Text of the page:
John Andrews is a Competitive Webmaster and Search Engine Optimization Consultant in Seattle, Washington. This is John Andrews blog on issues of interest to the SEO community and competitive webmasters. Want to know more?

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December 14th, 2007 by john andrews

Google Knol - Bestest Article Site EVER

Well, as soon as I rant-parodied Google’s ADWords program, comparing it to “black hat” SEO doorway pages of yesteryear, Google took the next step towards SEO/publisher disintermediation with the announcement of “Knol”, a spam article submission site. Gee, can you guess what Google will do next? Proxy page title elements in the index with “better ones”? Insert “tags” in-line with content to help align relevancy? Re-map the web so links better represent (expected) content relationships? Whatever… it seems Google wants to paint pretty pictures of its perfect world so everyone who doesn’t understand the web yet will commit their content to the Google revenue stream.

You have to hand it to Microsoft Google, though. Pre-announcing beta programs that admittedly might “never launch at all”, locking detail but heavy in presentation polish. A classic BigCompany intimidation move to deter investment in competition. Over the past year I enjoyed several very intelligent conversations with very smart people about how the wiki concept is the next thing after search engines. I haven’t agreed, but I was never the smartest guy in the discussion, either. Who would fund a startup wikipedia-like ’search engine” knowing Google is preparing this Knol thing? Ouch, that has got to hurt. Sub $1 million dollar private equity funders are not the bravest bunch, in my experience.

As TrustRank (the Google version, not the Yahoo! version) takes hold as the #1 or #2 ranking factor for SEO, this Knol thing steps in and bingo… who could be more trusted than Google itself? As many have highlighted, it’s not easy to manage a content site, so we can’t be sure but if Google achieves what it showed as it’s “sample” (an insomnia article from a Standford physician). If Google did gain acceptance as “the” place to willing contribute (for free) branded authoritative content like that, we’re looking at pretty serious manipulation of free public access to information. There is no way entire industries like, for example, “academia” will freely contribute to Google’s “free” content aggregation site without significant guaranteed benefits for the long haul. Let one of those uncertified, foreign-trained medical experts supporting Wikipedia write a competing article of equal or better quality, sans the American politics, and see what happens. Is Google up to the task of disrupting everything at the same time?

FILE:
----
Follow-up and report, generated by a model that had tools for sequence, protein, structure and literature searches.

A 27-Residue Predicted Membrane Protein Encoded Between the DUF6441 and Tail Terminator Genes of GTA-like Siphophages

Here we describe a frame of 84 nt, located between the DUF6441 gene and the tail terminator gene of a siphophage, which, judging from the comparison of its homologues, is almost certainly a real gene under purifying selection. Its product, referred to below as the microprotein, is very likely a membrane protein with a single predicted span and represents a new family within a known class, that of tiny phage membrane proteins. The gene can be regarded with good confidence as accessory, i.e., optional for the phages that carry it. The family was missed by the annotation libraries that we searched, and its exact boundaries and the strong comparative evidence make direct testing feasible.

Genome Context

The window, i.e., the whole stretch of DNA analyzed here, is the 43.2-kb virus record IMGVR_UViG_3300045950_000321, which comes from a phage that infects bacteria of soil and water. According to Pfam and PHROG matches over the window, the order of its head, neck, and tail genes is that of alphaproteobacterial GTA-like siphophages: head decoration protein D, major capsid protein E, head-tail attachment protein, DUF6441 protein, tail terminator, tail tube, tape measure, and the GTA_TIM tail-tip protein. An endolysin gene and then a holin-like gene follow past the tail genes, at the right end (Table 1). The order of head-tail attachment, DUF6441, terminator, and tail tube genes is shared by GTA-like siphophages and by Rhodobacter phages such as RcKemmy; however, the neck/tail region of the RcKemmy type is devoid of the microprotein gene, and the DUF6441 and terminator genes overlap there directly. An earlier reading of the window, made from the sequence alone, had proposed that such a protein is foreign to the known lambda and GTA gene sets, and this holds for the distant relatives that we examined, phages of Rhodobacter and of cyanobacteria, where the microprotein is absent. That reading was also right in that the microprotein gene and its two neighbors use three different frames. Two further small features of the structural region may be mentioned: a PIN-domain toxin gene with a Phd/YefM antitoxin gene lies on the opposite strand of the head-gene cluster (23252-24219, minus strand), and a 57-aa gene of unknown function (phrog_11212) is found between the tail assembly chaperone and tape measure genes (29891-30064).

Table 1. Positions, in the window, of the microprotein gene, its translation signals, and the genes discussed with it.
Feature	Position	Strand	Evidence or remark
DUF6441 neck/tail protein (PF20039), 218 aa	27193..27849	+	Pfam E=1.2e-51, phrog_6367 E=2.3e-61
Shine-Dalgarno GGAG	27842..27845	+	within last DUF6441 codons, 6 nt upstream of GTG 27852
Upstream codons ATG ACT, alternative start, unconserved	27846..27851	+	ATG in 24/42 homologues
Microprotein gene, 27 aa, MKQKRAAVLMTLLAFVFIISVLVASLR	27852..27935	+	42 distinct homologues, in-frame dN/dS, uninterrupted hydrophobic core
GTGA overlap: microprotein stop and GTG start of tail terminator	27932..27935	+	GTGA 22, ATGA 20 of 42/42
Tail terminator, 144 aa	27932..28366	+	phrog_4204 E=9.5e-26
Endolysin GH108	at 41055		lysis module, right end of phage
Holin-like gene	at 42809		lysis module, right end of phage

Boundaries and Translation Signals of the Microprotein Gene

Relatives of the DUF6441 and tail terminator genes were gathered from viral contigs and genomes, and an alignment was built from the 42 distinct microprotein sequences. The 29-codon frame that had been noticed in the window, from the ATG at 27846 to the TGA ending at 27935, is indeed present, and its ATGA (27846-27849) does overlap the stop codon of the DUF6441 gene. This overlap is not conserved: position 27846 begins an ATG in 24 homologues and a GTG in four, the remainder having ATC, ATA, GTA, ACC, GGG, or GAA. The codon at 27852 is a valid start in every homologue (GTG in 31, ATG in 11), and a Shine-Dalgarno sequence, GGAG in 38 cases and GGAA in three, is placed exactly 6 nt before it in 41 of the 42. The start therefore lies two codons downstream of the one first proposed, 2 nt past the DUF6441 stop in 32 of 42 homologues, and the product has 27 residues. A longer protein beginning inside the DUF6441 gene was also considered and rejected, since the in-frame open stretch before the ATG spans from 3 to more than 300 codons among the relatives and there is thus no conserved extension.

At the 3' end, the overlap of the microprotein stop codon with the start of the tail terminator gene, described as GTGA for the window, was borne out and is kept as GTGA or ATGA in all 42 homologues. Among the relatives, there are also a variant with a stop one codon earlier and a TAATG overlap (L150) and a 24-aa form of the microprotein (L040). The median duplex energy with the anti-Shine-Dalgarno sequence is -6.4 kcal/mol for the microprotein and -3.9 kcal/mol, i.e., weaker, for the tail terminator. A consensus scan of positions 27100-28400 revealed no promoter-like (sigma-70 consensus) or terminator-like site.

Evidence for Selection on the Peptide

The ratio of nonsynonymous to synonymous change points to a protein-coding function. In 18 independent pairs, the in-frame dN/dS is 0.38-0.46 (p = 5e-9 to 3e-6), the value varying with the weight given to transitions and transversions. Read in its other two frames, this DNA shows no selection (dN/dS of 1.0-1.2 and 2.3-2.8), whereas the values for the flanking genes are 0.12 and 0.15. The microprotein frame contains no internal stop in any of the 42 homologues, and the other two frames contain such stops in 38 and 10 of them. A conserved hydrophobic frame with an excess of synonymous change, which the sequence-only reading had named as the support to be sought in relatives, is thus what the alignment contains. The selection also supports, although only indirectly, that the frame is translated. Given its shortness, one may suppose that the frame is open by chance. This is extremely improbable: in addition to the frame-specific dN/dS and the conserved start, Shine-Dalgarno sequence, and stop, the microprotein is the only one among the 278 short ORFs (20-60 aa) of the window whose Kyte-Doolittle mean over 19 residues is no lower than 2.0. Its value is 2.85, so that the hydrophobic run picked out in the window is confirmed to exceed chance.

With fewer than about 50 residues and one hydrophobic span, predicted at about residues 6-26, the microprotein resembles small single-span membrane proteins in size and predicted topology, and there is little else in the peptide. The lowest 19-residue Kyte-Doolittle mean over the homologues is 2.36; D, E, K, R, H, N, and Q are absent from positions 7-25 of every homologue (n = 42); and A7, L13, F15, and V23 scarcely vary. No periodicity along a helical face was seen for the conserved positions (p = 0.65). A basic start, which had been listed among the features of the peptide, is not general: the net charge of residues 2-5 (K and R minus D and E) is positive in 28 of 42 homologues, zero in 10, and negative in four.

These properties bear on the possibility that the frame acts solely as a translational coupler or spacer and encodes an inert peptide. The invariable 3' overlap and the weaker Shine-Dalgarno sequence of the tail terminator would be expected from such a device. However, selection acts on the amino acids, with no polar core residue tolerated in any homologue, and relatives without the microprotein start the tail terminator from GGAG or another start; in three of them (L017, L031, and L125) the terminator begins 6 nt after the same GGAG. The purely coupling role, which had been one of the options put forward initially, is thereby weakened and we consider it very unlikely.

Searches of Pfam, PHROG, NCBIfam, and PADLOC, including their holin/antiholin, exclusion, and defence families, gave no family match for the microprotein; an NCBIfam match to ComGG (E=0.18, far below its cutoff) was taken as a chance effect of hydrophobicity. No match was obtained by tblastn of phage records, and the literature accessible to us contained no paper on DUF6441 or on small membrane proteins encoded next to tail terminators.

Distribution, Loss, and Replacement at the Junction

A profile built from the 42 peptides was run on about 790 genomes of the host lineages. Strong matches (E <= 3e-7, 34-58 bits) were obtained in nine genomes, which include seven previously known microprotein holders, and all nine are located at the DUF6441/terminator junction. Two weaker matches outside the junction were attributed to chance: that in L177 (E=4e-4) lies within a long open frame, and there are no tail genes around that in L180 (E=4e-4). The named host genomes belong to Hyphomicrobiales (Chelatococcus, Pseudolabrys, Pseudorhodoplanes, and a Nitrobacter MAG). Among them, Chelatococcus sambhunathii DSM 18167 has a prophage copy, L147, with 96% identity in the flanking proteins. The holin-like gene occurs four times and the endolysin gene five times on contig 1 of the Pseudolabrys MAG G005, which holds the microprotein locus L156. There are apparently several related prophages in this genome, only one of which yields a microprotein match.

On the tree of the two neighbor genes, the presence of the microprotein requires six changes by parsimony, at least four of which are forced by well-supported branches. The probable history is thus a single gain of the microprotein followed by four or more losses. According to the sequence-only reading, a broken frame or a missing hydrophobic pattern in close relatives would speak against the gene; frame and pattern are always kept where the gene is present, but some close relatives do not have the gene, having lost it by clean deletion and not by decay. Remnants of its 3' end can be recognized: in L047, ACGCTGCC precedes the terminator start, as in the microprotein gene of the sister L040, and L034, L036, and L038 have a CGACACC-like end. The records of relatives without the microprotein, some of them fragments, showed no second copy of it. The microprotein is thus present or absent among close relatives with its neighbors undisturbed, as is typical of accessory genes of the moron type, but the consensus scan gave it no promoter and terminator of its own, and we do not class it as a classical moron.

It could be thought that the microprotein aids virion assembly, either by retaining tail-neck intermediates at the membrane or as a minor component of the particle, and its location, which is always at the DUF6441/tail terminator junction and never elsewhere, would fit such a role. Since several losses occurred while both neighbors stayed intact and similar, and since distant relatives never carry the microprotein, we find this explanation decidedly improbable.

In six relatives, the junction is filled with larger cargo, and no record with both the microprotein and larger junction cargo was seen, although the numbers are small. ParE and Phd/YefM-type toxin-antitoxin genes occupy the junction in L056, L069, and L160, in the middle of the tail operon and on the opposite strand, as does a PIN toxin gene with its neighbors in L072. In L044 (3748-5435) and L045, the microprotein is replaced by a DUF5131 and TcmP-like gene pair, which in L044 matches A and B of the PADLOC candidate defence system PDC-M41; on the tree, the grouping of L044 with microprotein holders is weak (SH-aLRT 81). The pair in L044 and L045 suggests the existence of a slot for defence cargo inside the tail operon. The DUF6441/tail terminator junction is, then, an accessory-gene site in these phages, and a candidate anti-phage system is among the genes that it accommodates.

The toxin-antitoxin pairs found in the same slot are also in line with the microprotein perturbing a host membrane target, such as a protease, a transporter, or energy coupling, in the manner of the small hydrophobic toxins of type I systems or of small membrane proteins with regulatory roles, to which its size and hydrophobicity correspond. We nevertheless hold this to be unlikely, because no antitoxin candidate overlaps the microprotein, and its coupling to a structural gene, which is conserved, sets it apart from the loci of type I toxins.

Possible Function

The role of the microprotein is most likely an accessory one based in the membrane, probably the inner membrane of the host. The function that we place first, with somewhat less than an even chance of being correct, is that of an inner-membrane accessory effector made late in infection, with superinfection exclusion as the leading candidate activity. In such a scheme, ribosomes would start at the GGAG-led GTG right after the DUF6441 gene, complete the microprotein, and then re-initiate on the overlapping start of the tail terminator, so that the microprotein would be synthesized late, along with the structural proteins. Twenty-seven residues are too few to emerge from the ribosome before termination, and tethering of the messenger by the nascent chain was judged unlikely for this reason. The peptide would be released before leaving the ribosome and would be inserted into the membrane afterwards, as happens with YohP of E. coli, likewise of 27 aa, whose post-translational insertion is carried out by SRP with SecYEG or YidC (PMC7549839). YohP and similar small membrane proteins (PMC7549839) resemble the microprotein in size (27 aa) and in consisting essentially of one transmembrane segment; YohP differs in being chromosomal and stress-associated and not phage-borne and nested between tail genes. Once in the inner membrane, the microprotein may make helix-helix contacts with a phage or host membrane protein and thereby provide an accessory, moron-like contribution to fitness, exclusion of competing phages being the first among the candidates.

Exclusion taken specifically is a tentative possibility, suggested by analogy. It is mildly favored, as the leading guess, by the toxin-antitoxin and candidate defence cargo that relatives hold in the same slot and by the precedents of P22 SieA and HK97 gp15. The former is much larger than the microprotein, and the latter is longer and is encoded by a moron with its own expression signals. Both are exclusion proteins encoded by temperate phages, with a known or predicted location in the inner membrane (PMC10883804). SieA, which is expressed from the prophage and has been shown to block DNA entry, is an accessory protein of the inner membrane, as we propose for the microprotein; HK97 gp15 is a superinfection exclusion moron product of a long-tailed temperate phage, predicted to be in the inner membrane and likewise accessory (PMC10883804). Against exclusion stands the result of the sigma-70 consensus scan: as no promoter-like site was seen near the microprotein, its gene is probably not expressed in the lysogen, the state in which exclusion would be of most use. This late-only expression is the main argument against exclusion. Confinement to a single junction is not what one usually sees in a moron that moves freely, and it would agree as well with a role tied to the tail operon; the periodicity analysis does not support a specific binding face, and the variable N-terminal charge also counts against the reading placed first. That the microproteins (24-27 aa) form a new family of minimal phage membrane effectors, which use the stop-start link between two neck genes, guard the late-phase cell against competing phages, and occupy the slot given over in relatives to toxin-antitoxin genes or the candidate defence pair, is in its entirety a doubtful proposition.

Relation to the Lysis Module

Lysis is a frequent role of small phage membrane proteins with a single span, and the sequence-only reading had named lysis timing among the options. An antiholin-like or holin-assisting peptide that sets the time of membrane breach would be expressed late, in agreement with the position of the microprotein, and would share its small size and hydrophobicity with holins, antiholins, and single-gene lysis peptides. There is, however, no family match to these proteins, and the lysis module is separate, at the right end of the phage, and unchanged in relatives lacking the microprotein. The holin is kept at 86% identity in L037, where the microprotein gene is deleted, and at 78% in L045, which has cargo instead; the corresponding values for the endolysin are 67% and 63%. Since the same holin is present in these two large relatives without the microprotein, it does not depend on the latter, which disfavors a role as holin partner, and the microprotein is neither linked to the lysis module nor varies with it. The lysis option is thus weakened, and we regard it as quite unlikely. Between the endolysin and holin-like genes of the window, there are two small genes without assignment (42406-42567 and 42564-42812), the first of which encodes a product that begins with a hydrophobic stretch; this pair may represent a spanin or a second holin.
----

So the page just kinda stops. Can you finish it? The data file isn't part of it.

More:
I liked Mahola for one thing only - watching them launch articles was like watching an affiliate marketer prioritize his work flow. Biggest money makers first, then next, then next on down the line. I have pointed several newbie SEOs to Mahaloo for just that reason — look at what they target and you’ve got today’s most profitable keyword niches. What will Google publish after Insomnia? Accident Lawyers in Phoenix? Wrinkle reduction in Los Angeles? Or how about one of those too-perfect San Diego cosmetic surgeons writing an authoritative article on Botox for Crow’s feet? Of course we’ll see solar power and such, too.

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December 13th, 2007 by john andrews

Google goes Black Hat with Doorway Page Program

Google says this, Google says that, blah blah blah. And as Google rakes in billions and dominates search, who am I to question Google’s motives? Obviously it is all about money.

But not “little money”. Big money. Serious money. A few hundred per day from everyone marketing products on the Internet. And since we all know doorway pages are the defacto standard for capturing an audience’s attention (they work, consumers like them, they are affordable and flexible), is it any wonder that Google has reserved the right to use doorway pages exclusively for itself, threatening to ban any one else deploying this very effective Internet marketing tactic?

Google’s Doorway Program is called “Pay Per Click” and you literally pay per click. Just as you do when you build your doorway pages for Microsoft’s search product of the month, you will need a keyword list for use with Google’s doorway system. For each targeted keyword, you tell Google what you want your doorway page to say, and where you want the traffic to click through to. Google does the rest. But unlike Live.com search, where you need to publish your doorway pages and get them indexed to rank properly for the target search terms, Google displays your doorway message and link URL right on the SERP for the target search phrase. It doesn’t get any easier than that!